Why Having a Prenup Agreement Can Safeguard Your Future
The future is always unpredictable, which means that no one can foresee with accuracy what tomorrow holds. This uncertainty is why more couples are choosing to sign a prenup agreement before they walk down the aisle.
Perhaps this seems like a pessimistic thing to do, but it actually is eminently practical. It is a wonderfully easy way to ensure that the diamond ring that you inherited from your grandmother stays in your family. Additionally, your prenup can specify how the proceeds will be divided if the family home must be sold in the event of a divorce.
While a prenup is used to protect current assets, it also may be possible to draft the contract so that it may safeguard future assets. Such protection is possible only if the agreement is carefully drafted. Typically, future assets will need to be defined and described in great detail. If they are not, then the contract may be invalidated by the court when one party tries to enforce it against the other.
Another way that a prenup can safeguard your future is by including details about debts. For instance, if one partner incurs a huge load of education loan debt during the marriage, it can be spelled out in the prenup that this debt will be that partner's sole responsibility in the event of a divorce.
Similarly, the partners may want to define who will be liable for certain credit cards, loans or other debts if the marriage ends. This is simply wise planning on the part of the prospective spouses. No one wants to get saddled with a debt that does not belong to them, particularly in the wake of painful and expensive divorce proceedings. A heavy load of debt makes it difficult to move forward, and the person who incurred the debt reasonably can be expected to assume the responsibility for paying it.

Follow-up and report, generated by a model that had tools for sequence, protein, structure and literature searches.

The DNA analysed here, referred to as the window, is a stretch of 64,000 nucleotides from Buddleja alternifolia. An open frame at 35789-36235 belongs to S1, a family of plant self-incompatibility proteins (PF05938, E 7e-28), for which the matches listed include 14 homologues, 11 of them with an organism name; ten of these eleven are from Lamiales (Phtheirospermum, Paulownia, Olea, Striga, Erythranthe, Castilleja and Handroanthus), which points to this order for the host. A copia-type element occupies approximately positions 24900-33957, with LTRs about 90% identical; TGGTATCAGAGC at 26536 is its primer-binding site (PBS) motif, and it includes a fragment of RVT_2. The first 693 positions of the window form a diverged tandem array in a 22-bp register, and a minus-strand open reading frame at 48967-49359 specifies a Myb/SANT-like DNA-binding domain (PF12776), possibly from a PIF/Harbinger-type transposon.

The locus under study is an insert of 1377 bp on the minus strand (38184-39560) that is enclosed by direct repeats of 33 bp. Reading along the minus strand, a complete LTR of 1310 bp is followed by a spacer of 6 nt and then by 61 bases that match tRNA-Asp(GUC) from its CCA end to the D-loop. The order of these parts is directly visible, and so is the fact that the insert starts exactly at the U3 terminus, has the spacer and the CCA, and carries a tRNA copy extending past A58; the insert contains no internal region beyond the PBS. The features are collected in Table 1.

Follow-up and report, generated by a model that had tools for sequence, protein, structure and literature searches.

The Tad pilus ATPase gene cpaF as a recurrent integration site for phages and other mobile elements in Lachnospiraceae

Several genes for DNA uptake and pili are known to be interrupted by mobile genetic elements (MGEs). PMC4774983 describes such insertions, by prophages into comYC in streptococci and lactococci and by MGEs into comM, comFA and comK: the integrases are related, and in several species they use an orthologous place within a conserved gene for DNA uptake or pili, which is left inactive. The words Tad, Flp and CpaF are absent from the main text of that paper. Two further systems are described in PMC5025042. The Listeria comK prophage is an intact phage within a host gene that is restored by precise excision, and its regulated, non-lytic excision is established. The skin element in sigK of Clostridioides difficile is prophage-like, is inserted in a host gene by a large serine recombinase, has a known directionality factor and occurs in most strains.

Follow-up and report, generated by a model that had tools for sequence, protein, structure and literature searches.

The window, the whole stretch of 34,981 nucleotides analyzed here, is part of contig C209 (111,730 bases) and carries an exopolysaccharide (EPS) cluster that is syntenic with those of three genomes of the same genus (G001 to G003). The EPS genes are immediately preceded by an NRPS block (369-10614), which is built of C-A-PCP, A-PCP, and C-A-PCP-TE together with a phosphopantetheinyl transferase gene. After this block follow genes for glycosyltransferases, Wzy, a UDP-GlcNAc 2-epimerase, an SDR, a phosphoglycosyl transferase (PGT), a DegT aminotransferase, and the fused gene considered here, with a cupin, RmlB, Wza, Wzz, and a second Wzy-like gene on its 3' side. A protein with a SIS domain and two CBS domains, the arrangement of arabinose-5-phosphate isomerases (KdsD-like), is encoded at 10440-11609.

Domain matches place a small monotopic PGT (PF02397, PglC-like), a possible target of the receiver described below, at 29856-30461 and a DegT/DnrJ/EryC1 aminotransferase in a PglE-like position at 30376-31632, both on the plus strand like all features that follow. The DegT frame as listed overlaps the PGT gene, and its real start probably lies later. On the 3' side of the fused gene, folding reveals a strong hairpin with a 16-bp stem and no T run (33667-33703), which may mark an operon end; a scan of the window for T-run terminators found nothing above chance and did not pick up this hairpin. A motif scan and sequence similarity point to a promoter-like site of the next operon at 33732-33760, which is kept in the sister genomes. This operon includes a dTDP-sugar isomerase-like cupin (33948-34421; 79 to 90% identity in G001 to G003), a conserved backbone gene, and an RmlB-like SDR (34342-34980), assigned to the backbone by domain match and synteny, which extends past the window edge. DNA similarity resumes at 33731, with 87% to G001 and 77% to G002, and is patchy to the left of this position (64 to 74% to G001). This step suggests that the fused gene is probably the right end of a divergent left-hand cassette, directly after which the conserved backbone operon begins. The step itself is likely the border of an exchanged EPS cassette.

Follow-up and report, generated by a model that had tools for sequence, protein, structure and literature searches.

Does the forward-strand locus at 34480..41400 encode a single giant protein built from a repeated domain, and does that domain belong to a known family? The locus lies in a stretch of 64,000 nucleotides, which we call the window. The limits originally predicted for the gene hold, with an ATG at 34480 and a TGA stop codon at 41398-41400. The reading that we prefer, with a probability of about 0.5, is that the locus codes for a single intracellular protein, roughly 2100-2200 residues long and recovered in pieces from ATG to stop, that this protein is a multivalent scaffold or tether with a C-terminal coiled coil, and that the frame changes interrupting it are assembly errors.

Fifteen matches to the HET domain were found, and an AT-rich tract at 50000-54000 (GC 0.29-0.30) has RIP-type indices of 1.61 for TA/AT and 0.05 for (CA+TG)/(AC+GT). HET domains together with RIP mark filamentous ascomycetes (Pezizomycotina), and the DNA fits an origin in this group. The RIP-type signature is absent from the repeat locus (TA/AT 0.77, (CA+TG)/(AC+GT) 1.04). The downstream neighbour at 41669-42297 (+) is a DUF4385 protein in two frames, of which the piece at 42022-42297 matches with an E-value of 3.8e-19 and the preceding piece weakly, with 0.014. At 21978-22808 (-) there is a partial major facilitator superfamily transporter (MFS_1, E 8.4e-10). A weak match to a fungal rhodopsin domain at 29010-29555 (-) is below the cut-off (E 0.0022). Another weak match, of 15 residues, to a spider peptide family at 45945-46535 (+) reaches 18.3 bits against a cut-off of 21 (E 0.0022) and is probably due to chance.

Discussing how you will finance your future together before tying the knot will help to avoid conflict and allay any “surprises” in the future should either partner enter the marriage with certain preconceived expectations that may not have been discussed and addressed during your courtship. Of course, it is not possible to address every possible nuance and situation that could arise in the future, but having these tough conversations now and being clear about you and your partners’ philosophy around money can further safeguard your future together.
In addition, prenup agreements can be used to protect future inheritances as well as family property, money or trust interests of which you may be the owner or beneficiary, and ensure it will stay in the family in the event of a future breakup or upon your death.
Prenuptial agreements not only typically contain provisions addressing what happens with property in the event of a future breakup, but they can also provide what assets are transferable to your partner upon death as well as provide adequate financial support in such event.
Moreover, if you have children from a prior relationship, a prenup agreement is a great way to create clarity with your partner and protect your children and ensure that they are provided for as well.
And, if you or your partner have a pet, the agreement can contact provisions relating to their care and support.
It is advisable to involve a knowledgeable attorney as soon as you decide that a prenup agreement is right for you. In order to be legally binding, it is necessary to define many highly detailed components, making the right kind of experience indispensable to the process.
If you are still curious about your ability to safeguard future assets, contact the Sabra Law Group at (646) 472-7971. These experienced legal professionals place an emphasis on drafting a sensible prenup agreement that will protect your interests in any eventuality.